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Do We Ignore the Radical Call of Jesus?

September 28, 2019

This past week we took a friend of ours from Florida up Trail Ridge Road. I spent some time sitting amongst the rocks waiting patiently for Pika to appear. This little one didn’t disappoint me. We shared some time together and I was able to receive some beautiful photos. As I have learned, you have to be attentive and keep your eyes open. Isn’t that also the way of faith?

The Gospel Reading from Luke 16:19-31 and the Epistle Reading from 1 Timothy 6:6-19 are challenging in today’s consumer driven, capitalist economy. An economy where more is better and, in the words of a saying I heard years ago–“The one who has the most toys in the end, wins.”

Jesus’s story about the rich man and Lazarus (which incidentally comes from the Hebrew word Eleazar which means “God has helped”) should give every one of us pause. In a nutshell, the rich man while he was alive ignored the beggar at his gate and I doubt that he even bothered to find out his name. Upon his death, he cries out from the flames of torment to Abraham. Is it a cry of regret or sorrow? Nope, he asks Abraham to order Lazarus to bring him some cool water. Even in death and torment the rich man was bossing around Lazarus and somehow believed that he was far superior to the poor man. He didn’t recognize Lazarus as a fellow human being or as one of God’s beloved children.

How often do we walk by or walk over others in our quest to be “successful” and make it big? How often do we avert our eyes from the Lazarus’s of the world because they either make us uncomfortable or feel guilty?

There is a lot to unpack in this parable and a lot to make us wonder. Is Jesus challenging us regarding our priorities? What is more important in our lives? Wealth? Position? Power? Privilege?

In Paul’s letter to Timothy we may well find some answers and more challenges. “For the love of money is a root of all kinds of evil, and in their eagerness to be rich some have wandered away from the faith and pierced themselves with many pains. But as for you, man of God, shun all this; pursue righteousness, godliness, faith, love, endurance, gentleness.” (1 Tim 6:10-11)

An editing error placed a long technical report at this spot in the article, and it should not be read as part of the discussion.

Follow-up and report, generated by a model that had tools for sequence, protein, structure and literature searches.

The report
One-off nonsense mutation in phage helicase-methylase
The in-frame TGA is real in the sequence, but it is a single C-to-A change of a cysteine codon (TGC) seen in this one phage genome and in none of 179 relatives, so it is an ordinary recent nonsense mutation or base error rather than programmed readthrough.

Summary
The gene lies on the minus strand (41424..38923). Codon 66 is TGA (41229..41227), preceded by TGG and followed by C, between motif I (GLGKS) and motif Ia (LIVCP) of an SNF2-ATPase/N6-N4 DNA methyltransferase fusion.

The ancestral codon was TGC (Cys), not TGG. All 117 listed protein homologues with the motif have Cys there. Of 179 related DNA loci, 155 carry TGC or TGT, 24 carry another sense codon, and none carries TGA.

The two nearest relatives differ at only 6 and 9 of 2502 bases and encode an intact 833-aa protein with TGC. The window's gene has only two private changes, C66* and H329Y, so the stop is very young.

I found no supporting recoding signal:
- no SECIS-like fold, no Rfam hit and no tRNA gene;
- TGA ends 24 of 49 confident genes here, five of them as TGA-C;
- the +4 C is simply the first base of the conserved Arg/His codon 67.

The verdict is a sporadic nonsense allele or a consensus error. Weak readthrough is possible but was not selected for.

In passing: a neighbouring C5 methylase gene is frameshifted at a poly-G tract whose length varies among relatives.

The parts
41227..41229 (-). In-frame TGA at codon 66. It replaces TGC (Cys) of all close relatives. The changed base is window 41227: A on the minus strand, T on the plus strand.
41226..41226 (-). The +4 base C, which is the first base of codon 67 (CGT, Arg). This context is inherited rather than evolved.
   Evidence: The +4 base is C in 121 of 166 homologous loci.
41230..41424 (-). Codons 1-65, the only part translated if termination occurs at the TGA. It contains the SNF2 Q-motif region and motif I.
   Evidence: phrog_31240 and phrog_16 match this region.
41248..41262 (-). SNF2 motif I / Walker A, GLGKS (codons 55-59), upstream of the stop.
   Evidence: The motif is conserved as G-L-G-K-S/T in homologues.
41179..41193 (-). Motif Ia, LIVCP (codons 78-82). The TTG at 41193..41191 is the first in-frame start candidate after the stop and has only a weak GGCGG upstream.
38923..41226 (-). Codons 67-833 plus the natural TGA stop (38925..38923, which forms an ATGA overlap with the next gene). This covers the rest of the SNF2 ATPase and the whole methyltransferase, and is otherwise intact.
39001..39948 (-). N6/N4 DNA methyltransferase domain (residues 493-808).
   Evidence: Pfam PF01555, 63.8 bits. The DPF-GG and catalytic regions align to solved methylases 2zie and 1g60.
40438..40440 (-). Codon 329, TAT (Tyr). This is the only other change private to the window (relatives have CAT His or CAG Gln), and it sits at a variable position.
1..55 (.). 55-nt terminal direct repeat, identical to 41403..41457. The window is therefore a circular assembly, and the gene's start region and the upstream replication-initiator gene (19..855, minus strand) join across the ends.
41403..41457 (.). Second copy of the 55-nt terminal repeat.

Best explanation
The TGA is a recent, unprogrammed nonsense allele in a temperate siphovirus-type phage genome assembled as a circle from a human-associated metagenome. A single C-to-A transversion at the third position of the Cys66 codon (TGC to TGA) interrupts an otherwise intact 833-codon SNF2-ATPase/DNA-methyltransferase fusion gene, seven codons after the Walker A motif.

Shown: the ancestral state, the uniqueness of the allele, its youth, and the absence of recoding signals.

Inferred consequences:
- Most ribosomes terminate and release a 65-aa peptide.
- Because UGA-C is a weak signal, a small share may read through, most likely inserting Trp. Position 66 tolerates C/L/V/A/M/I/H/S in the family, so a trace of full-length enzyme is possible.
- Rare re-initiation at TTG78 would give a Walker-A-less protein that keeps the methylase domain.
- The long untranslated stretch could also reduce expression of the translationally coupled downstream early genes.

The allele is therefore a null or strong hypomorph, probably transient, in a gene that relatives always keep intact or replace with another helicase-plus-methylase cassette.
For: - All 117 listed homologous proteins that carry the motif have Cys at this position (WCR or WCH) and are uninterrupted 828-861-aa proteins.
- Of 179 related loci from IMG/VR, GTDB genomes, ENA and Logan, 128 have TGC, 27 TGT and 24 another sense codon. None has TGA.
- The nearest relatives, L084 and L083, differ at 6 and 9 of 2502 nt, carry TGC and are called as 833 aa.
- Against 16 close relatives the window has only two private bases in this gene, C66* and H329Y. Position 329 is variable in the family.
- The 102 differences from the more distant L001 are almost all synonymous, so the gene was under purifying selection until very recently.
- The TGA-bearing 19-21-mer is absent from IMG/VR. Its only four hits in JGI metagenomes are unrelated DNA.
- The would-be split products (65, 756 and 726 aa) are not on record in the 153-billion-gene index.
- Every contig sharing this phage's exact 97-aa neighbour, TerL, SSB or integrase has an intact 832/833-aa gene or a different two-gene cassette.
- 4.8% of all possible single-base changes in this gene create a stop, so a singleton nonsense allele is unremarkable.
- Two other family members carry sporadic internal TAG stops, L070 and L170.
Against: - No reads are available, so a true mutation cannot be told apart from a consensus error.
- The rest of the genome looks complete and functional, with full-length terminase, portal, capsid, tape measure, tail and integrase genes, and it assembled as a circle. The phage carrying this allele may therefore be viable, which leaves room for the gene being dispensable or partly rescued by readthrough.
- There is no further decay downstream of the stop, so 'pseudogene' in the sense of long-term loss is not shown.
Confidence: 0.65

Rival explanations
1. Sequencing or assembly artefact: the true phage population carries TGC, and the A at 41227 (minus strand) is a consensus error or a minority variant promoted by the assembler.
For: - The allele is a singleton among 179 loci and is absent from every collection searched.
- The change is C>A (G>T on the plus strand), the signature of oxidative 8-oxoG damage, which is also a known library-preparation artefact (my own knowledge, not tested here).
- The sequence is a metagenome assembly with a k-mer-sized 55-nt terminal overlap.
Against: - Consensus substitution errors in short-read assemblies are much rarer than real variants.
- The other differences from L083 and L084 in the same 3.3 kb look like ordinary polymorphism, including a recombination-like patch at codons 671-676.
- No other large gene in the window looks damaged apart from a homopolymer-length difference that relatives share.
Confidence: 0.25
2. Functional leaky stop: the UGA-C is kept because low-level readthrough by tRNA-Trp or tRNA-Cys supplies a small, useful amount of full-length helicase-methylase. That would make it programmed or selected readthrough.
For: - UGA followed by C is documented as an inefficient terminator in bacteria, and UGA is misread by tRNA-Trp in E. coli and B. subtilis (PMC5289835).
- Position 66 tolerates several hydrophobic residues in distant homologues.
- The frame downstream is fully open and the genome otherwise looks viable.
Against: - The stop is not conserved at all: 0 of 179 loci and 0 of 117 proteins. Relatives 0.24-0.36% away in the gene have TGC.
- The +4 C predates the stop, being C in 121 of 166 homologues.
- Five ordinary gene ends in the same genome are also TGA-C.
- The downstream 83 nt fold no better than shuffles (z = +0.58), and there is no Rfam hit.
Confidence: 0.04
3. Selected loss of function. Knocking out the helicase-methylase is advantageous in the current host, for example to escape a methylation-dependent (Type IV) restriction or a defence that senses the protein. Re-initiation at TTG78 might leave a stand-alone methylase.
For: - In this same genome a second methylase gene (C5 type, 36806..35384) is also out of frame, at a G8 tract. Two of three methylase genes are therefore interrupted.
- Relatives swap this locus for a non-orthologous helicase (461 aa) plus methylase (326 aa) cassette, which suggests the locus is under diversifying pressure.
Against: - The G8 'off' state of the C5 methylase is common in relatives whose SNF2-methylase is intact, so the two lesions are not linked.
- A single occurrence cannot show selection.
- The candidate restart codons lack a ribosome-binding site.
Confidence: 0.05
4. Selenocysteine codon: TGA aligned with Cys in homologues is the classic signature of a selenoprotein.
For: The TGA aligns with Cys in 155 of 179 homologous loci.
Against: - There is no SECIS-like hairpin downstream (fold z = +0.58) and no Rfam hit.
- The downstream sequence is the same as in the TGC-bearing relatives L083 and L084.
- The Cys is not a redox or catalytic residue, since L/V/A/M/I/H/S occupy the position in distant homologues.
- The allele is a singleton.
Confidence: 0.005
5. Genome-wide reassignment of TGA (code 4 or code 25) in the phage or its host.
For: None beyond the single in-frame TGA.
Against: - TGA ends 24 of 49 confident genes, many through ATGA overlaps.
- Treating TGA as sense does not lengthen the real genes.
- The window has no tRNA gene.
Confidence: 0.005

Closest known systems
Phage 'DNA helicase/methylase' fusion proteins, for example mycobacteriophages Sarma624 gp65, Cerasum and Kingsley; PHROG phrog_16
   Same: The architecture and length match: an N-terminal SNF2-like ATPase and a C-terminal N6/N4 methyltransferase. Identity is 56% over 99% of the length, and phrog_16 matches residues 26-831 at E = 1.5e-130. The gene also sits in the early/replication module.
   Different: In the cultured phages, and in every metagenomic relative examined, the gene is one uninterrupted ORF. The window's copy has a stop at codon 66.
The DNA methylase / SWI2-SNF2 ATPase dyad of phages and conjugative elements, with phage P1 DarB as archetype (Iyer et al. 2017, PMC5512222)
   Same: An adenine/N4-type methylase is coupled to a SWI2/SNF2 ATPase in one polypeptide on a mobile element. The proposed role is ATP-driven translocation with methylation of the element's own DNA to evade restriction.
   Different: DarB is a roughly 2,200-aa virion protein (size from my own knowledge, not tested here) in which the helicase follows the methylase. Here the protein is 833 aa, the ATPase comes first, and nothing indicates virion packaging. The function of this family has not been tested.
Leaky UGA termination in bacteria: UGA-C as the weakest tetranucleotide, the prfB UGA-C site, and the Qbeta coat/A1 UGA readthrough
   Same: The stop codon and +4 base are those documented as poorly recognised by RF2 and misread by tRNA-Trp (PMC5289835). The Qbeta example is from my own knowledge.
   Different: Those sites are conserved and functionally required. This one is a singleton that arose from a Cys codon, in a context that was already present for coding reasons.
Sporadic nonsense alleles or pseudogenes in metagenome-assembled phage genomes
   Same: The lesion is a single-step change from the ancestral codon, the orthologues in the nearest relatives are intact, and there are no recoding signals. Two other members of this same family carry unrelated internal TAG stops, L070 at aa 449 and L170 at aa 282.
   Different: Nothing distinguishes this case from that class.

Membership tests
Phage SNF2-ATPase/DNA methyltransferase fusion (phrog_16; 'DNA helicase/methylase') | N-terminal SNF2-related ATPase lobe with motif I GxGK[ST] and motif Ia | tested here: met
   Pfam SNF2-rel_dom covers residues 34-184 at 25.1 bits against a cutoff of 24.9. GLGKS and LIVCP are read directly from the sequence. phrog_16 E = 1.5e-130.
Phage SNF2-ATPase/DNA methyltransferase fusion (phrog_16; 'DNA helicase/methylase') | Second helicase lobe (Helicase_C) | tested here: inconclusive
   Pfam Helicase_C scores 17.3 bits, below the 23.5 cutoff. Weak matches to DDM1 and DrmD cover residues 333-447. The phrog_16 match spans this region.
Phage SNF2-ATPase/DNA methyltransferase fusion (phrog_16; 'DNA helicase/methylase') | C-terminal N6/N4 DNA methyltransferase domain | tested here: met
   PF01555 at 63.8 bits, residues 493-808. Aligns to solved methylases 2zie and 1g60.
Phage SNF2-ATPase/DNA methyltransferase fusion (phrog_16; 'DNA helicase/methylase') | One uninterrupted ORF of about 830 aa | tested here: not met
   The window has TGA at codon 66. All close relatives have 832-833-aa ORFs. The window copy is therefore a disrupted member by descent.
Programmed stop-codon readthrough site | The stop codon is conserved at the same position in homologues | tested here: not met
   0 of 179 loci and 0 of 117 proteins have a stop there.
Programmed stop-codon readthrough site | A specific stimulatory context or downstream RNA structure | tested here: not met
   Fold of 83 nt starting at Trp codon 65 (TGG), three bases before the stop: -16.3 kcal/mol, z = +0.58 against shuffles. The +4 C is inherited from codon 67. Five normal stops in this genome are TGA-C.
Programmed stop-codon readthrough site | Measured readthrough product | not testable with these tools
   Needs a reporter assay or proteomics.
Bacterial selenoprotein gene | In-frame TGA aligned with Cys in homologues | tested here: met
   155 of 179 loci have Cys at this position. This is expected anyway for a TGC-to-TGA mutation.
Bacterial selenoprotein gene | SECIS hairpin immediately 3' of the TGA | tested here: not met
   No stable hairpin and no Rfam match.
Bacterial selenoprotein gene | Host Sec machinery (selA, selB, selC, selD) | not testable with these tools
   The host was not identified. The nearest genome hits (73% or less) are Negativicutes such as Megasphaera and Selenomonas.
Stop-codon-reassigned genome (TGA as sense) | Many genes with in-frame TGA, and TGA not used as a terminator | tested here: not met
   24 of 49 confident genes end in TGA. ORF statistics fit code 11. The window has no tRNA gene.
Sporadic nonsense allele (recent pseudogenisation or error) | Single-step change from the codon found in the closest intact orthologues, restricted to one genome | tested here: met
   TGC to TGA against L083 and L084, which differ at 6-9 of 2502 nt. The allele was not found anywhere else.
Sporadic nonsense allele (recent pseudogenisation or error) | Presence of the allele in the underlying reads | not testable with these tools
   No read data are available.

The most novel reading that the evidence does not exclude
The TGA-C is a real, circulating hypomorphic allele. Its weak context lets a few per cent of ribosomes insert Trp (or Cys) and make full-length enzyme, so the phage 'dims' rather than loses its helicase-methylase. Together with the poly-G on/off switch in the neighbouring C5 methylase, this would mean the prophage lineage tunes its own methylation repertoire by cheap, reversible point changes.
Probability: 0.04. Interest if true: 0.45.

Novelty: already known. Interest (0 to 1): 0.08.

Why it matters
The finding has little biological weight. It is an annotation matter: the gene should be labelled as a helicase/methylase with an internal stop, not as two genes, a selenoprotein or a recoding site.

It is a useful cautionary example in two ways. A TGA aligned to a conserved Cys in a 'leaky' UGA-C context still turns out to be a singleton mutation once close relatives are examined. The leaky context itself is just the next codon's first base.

I remember being challenged by a Colonel in my first assignment after I preached a sermon from this Gospel lesson. He said it isn’t money that is evil, it is how we choose to use it that can either be for good or for selfishness. We were discussing semantics when instead we should have been looking at how we live our lives and use the gifts God has given us. Later on, as we got to know each other better and worked together in Chapel activities, we both learned from each other. And we saw the challenge of serving without the trappings of rank and power getting in the way.

While I often take issue with some of Paul’s theology, this little gem offers me some insight as I seek to follow the radical call of Jesus. “…pursue righteousness, godliness, faith, love, endurance, gentleness.” Doesn’t that sound an awful lot like Micah’s call to “Do Justice, Love Kindness and Mercy, Walk Humbly with God?”

Dear reader, as we seek to follow Jesus, may we seek the courage to go against contemporary definitions of success. May we learn from the rich man who was rich on possessions and worldly matters but poor in spiritual matters. Perhaps then we can take on the challenges of being Christ-Followers.

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